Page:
"Gao would be the most-senior Chinese figure to flee the country since Xu Jiatun, once Beijing's top envoy to Hong Kong, escaped to the United States after the Tiananmen Square killings in 1989.

"Connection to Wang Xuebing

"Gao, a former vice governor of Jilin Province, took over State Power Corp. in 1998. He and Xu both held the title of government minister.

"But where Xu's flight was politically motivated, Gao is escaping arrest on corruption charges, according to the Post. (((Like there's a difference.)))

"Reports suggest that stock buybacks and the acquisition of assets from a State Power subsidiary may be at issue, with the company reportedly only paying one- third of what the assets were worth. (((Okay, I take it back – you CAN blame it on the stockholders. And where is the Andy Fastow figure?)))

"Gao also negotiated a three-year credit deal with China Construction Bank, then headed by Wang Xuebing. (((Oh wait – there's our Andy. Inside the bank.)))

"Wang, another Zhu protege, has since been stripped of his positions in banking and the Communist Party and held responsible for fraud that happened while he was running the Bank of China's New York operations. (((Great New York banking angle there. Learn from the best!)))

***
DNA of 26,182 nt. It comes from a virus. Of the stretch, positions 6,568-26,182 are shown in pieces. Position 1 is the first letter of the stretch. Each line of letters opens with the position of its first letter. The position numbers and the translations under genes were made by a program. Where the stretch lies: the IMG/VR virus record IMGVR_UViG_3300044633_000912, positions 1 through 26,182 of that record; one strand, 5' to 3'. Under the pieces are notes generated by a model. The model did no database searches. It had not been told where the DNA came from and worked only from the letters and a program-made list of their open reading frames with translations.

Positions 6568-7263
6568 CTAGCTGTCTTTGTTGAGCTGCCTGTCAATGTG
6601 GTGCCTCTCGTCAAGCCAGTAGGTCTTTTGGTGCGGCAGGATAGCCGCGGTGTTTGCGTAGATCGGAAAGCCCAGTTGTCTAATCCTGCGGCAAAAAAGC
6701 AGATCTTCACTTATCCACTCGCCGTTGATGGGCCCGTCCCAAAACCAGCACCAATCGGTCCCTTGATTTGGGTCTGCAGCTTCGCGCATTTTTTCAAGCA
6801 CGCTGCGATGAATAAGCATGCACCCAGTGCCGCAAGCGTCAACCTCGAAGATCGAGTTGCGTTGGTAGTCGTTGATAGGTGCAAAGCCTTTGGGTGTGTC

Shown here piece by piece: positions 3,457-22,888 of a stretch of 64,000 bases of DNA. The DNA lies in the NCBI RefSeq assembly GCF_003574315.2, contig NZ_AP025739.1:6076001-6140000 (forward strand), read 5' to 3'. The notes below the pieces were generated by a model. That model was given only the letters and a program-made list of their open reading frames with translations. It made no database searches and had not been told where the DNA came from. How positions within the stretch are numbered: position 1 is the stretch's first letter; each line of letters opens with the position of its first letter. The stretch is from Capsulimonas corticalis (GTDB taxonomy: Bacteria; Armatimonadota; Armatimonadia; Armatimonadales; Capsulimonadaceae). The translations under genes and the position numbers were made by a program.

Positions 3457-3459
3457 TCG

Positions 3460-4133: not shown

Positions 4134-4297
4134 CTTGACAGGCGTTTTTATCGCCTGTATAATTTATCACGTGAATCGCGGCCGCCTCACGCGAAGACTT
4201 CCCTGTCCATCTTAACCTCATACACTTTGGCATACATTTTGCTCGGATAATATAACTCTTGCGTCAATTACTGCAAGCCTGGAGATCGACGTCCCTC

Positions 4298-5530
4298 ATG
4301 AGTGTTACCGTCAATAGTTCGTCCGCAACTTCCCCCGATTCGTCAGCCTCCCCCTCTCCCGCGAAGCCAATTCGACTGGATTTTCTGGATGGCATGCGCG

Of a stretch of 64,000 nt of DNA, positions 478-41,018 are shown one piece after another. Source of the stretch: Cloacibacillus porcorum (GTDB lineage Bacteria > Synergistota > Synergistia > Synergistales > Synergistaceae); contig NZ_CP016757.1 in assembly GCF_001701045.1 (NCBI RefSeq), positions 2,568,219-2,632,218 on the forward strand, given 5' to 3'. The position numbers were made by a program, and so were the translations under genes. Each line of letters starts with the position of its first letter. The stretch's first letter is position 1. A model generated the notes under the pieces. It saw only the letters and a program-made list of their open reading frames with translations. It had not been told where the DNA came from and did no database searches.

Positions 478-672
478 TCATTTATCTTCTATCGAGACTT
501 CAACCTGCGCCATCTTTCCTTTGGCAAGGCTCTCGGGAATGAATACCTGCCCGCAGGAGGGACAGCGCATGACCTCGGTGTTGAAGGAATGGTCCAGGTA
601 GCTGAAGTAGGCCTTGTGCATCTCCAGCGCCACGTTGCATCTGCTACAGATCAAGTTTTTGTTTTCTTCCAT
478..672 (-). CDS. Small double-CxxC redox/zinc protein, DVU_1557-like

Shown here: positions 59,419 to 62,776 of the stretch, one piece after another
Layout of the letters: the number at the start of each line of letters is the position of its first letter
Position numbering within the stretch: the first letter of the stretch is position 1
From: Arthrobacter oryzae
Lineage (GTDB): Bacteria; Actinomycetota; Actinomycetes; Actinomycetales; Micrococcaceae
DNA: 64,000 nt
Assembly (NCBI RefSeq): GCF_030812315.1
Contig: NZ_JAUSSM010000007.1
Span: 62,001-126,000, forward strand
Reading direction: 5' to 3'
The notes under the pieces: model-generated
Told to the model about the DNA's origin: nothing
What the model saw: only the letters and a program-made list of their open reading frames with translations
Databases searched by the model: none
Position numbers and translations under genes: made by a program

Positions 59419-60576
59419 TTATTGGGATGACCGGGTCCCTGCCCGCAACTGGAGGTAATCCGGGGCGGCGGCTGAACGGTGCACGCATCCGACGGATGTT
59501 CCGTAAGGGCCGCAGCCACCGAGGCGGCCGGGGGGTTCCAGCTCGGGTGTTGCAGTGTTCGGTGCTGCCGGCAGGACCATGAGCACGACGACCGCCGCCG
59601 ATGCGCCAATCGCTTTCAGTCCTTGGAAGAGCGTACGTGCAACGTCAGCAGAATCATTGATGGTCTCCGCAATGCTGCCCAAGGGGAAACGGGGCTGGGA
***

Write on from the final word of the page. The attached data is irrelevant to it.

"The State Power Corp., which controls 72 percent of power-generating assets in China, was listed as the 60th- largest company in the world by Fortune magazine. (((FORTUNE gave Enron its "America's Most Innovative Company" award for five years in a row. They were right, too.)))

"China does not typically acknowledge investigations or arrests for white-collar crime.

"China placed Yang Bin, the man chosen to head North Korea's fledgling enterprise zone, under house arrest earlier this month in connection with tax evasion." (((I should have cut this irrelevant last paragraph, but I just like that line "North Korea's fledgling enterprise zone.")))

O=c=O O=c=O O=c=O
O=c=O O=c=O O=c=O

Go back to the Viridian Design home page.